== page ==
You’ll notice equal tension between this new Search box and the more traditional means of hunting down files on your PC, File Explorer. Windows Search wants to be your gateway to all the content on your PC and in the OneDrive cloud.
You can speed up the search function using a new Windows Search indexer (Settings > Search > Searching Windows). By default, only your document libraries (Pictures, Documents, etc.) are searched, but you may as well as turn on Enhanced mode to index your entire PC. Indexing isn’t particularly quick, though it sucked up only 10 percent of my Surface Laptop’s CPU power.
There’s a catch, though. While Windows Search hunted down photos and documents in a flash, it tended to ignore the smaller, nitty-gritty configuration files associated with a particular keyword. Windows will surface them much more readily using File Explorer, accessible via the (slightly redesigned) folder icon in your taskbar. File Explorer, however, excludes any email and web searches. It’s also as dog-slow as ever, without any apparent benefit from the Windows Search indexing.
If a user searches for “HoloLens,” how does Windows know if a user is searching for photos and documents, and not the HoloLens configuration files? If Windows fails to surface a file the user wants, or clutters up the search results with unnecessary fluff, the result is the same: an irritated user.
Microsoft has long tried to offer different modalities (pen, voice, touch, etc.) as ways to interact with Windows. Some of that may be going on here. If that’s true, though, Microsoft needs to do a better job of explaining what each search tool does, and improve the performance of File Explorer, too.
New passwordless, PIN options struggle to simplify logins
Windows has traditionally given you the option of either logging in to a PC with a “local account” or password, or with a more full-featured Microsoft account ID that manages the information you’ve stored in the cloud. The May 2019 Update adds a new twist: a “passwordless” account that uses your mobile phone as an authentication device. Though Microsoft hasn’t really said why it added this third option, presumably it’s to satisfy the younger mobile-first workers who don’t want to be tied down to a formal Microsoft account.
For now, a passwordless account can’t be created on a PC. Microsoft recommends that you instead download a mobile Office app like Word, then create your new account ID by typing in your mobile phone number in place of an email address. Confirmation, and then authentication, takes place via SMS codes sent to your phone.
When you log in to your PC with the new account, though, Windows will encourage you to use a PIN or Windows Hello, as you normally do. (Microsoft believes that a PIN is stronger than a password.)
The catch is that some services, like OneDrive, still ask for a Microsoft account. When I put in my mobile number, the service failed to send a notification to my phone. Okay. For now, I’ll stick to the traditional way of logging into Windows.
A new, separate PIN recovery feature that Microsoft added to the Windows 10 May 2019 Update works, though you’ll need a linked phone and the Microsoft Authenticator app. Windows already provides a multitude of ways to log in (your password or a biometric login, as well as PIN made up of numbers and/or letters) so there are options if you’ve forgotten one of them. Now, if you forget your PIN, Windows checks to see if you have a phone associated with your account and sends you an authentication notification before it allows you to reset your PIN. Simple, right? It does work, though the process feels somewhat slower and laggier than it should.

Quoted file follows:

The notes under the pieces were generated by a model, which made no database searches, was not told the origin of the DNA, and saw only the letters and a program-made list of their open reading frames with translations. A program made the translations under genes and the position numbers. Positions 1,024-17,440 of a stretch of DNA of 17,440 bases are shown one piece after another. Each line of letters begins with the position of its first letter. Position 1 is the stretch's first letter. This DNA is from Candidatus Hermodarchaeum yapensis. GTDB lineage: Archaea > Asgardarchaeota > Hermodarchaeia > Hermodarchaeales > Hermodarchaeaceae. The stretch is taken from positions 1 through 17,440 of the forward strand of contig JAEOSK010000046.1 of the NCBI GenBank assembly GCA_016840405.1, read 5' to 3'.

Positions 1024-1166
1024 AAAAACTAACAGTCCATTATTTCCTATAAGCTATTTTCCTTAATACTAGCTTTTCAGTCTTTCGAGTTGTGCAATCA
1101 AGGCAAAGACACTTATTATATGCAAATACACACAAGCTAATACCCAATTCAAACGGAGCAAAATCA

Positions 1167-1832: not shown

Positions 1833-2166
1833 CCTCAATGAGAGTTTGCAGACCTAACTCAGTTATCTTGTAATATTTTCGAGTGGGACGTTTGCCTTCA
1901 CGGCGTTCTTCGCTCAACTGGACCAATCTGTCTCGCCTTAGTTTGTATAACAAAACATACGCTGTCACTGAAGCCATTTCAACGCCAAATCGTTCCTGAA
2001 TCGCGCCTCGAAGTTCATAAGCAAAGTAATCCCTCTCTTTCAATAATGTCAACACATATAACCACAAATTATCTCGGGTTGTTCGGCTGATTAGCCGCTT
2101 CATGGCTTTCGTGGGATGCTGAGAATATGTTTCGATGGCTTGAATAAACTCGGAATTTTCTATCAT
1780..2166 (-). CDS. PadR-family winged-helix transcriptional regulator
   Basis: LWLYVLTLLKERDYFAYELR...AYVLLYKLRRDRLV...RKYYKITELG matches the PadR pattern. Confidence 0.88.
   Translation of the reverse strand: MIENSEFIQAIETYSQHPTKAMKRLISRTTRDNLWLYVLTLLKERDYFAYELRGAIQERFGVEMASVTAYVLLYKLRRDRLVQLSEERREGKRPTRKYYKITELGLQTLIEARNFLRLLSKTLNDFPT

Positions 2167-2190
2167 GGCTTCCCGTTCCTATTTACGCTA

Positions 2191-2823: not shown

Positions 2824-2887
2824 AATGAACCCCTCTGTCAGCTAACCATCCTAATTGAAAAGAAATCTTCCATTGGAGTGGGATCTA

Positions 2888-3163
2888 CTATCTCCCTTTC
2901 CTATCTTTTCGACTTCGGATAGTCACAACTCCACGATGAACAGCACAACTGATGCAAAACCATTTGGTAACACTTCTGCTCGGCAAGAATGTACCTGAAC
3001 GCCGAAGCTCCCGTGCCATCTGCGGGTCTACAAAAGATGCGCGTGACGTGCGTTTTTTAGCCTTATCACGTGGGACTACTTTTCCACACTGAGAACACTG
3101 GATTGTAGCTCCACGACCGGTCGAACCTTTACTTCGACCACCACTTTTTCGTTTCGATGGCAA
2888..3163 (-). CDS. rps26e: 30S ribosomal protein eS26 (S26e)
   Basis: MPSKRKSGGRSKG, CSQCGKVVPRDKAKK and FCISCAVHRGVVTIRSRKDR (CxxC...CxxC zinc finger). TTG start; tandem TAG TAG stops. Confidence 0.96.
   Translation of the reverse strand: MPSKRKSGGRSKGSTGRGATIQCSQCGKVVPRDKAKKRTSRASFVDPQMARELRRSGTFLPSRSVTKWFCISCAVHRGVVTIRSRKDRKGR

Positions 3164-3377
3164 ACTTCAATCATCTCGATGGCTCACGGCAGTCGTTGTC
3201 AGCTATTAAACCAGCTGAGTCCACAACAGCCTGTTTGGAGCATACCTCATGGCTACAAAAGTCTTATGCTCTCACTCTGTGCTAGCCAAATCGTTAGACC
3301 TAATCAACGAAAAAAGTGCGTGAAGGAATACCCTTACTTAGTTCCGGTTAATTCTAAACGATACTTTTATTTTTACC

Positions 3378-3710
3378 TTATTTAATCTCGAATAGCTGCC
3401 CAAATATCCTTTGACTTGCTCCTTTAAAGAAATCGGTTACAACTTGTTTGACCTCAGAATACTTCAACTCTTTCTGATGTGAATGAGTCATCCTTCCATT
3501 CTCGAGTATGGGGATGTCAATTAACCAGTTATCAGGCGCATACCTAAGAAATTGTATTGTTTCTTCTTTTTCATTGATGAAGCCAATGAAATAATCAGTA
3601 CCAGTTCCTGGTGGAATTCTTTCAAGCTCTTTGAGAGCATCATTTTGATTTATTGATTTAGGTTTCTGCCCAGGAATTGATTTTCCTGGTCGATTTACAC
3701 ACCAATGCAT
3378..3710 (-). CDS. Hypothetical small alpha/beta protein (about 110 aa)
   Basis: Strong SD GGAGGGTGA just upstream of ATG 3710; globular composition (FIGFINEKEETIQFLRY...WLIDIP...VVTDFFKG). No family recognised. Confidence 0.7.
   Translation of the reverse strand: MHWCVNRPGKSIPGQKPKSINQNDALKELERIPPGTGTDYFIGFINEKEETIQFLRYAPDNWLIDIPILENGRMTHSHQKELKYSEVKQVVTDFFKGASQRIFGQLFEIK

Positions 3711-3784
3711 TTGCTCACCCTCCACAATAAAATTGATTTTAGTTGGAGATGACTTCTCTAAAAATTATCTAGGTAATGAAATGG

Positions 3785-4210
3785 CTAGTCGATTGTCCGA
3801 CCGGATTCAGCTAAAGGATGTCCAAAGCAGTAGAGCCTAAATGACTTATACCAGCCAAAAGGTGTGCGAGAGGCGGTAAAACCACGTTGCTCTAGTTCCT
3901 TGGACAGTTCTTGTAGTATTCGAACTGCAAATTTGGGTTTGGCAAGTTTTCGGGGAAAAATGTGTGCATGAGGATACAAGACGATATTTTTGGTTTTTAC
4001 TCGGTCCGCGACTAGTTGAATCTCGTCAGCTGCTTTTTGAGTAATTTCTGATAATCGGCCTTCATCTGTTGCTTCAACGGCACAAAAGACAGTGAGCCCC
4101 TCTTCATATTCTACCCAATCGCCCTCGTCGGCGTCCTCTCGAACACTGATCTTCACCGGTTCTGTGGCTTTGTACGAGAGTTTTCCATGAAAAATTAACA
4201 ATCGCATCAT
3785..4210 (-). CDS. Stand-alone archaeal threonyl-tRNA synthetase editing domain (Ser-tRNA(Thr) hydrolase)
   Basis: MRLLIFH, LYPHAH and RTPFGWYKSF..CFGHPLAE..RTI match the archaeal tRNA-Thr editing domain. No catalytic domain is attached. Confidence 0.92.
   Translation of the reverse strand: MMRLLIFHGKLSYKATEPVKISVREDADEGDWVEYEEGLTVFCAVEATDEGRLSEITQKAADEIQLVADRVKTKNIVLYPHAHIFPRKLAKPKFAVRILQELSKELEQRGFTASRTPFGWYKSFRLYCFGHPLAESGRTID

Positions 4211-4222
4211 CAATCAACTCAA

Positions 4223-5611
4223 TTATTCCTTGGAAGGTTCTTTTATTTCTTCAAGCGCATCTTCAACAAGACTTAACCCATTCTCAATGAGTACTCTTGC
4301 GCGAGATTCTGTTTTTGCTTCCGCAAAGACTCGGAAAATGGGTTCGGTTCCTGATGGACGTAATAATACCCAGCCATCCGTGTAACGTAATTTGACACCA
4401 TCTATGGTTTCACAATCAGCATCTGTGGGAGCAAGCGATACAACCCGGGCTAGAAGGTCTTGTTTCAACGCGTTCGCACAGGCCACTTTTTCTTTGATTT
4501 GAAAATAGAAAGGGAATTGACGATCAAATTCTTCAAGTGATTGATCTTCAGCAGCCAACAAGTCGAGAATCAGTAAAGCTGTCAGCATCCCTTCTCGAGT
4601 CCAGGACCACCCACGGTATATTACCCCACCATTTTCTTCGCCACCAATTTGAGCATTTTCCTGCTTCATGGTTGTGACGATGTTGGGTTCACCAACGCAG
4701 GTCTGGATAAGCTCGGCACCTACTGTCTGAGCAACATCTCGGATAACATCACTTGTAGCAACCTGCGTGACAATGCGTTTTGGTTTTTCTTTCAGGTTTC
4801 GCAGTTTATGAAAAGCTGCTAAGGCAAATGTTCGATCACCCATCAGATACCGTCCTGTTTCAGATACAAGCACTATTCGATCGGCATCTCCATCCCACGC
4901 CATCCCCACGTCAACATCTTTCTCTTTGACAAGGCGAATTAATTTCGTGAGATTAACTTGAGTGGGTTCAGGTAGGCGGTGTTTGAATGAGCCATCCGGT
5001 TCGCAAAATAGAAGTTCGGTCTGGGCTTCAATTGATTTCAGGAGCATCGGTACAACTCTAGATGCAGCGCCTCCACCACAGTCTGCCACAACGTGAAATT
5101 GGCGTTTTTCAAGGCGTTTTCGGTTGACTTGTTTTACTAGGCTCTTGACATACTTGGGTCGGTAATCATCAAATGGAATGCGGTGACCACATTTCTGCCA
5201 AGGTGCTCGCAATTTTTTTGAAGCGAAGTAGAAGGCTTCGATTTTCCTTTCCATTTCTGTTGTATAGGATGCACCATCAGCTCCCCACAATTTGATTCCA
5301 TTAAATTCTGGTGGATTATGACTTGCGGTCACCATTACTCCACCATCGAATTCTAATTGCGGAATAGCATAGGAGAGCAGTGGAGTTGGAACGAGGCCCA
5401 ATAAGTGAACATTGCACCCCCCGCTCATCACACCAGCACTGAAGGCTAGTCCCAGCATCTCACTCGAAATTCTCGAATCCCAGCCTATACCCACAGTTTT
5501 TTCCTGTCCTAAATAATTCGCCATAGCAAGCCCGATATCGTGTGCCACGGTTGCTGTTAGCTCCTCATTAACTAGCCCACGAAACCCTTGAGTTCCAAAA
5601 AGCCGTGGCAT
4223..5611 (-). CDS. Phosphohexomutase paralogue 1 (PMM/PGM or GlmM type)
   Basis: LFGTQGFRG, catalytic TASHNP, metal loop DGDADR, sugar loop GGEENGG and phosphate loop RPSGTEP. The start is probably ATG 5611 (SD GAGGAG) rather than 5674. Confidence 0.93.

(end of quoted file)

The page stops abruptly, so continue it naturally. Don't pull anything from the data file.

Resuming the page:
Automated troubleshooting does more in the background
Microsoft has quietly begun sprinkling artificial intelligence into as many nooks and crannies as it can, and Windows 10’s May 2019 Update is no exception. Microsoft already had a troubleshooting feature built into Windows 10: an automated procedure that you could launch in response to a particular problem, such as an inability to connect to the Internet. Now Microsoft will take that decision out of your hands, launching that troubleshooter autonomously with Recommended Troubleshooting.
We couldn’t test this, as our test PC didn’t suffer any problems that Microsoft could, or thought it could, fix. You’re not supposed to notice, though, that Microsoft is taking more control: Recommended Troubleshooting will work quietly in the background. “These are changes you won’t notice,” Microsoft says. “Critical troubleshooting happens automatically and can’t be turned off.”
Recommended Troubleshooting will also surface issues that may “impact your experience,” and these will be optional fixes that you can choose to let Microsoft notify you about. In Settings > Privacy > Diagnostics & Feedback > Recommended troubleshooting, you can order Windows to notify you when your PC has problems that need fixing, or have Windows just fix them automatically in the background.
There’s one catch: Recommended Troubleshooting works best if you send “full” diagnostic data back to Microsoft—typing, speech, the works. If you refuse, the troubleshooter won’t work as well as it could.
Chrome support helps complete Timeline
Microsoft has previously bet heavily on features it thought would resonate with consumers, but didn’t: mixed reality, for example. Timeline, a feature first introduced in the May 2018 Update, might be another. Essentially, Timeline is a superpowered web history. However, instead of tracking the pages your browser visited, it tries to note everything you’ve touched, including the apps and documents you’ve interacted with over the past days and weeks.